10 years ago, I was the customer service and marketing manager in the family print shop and Quinn and I celebrated our 10-year wedding anniversary with a delightful party at the Joslyn Art Museum and I wore a fabulous dress. I celebrated a breakthrough in my health and was in the few “perfect weight” years of my life. (Well, to be honest, I had one singular year of perfectly healthy weight. Ah well…but this post isn’t about my body
Today I’m going to share a little about loss and what Marcus teaches me about how to deal with death and grief.
It seems to me that, regardless of what was to come next, this would have always been the most important day of my life. I got to hold him for a moment; I counted ten fingers and ten toes. He was the most precious boy ever born. I called my father to tell him that he was Grandpa Mark to a beautiful boy named Marcus, so named out of love and gratitude. All was going according to plan.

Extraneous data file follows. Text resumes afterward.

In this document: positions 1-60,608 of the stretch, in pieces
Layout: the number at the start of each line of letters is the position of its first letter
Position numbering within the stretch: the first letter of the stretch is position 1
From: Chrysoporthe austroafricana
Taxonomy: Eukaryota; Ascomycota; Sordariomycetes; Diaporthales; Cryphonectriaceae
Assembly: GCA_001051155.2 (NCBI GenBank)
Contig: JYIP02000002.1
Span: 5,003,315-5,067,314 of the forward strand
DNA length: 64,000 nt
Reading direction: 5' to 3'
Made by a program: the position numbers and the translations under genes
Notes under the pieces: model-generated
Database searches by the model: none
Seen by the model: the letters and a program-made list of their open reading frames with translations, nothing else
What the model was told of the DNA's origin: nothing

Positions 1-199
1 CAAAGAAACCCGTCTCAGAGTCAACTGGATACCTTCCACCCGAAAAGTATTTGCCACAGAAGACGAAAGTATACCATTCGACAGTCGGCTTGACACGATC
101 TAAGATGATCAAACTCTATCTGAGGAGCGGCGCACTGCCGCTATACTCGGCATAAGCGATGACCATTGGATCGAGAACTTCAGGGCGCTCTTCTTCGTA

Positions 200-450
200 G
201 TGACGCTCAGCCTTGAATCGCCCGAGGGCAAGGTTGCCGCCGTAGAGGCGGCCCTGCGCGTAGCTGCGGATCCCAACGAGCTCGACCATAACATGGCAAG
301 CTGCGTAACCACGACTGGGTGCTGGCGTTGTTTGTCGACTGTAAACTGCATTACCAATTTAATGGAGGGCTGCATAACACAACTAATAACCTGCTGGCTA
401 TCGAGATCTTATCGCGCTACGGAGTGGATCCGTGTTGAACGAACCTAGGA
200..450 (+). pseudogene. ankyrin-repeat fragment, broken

At about 8:00 a.m., the doctor came into the room and told me there were some concerns.
When you have a child with an intellectual disability the tests come early and often. Medical tests, intervention tests, IQ tests.
IQ tests are the worst. On the parents. I’ll never forget Marcus’ first IQ test, he was three. He communicated mostly with action/expression and sign language. But not that day, well I take it back. He was clearly communicating, just not compliant. An important differentiation that, as his mother, I could see but the Ph.D. in the room clearly could not, Or did not.
One moment that stood out, the psychiatrist held before Marcus a doll with its head off, laying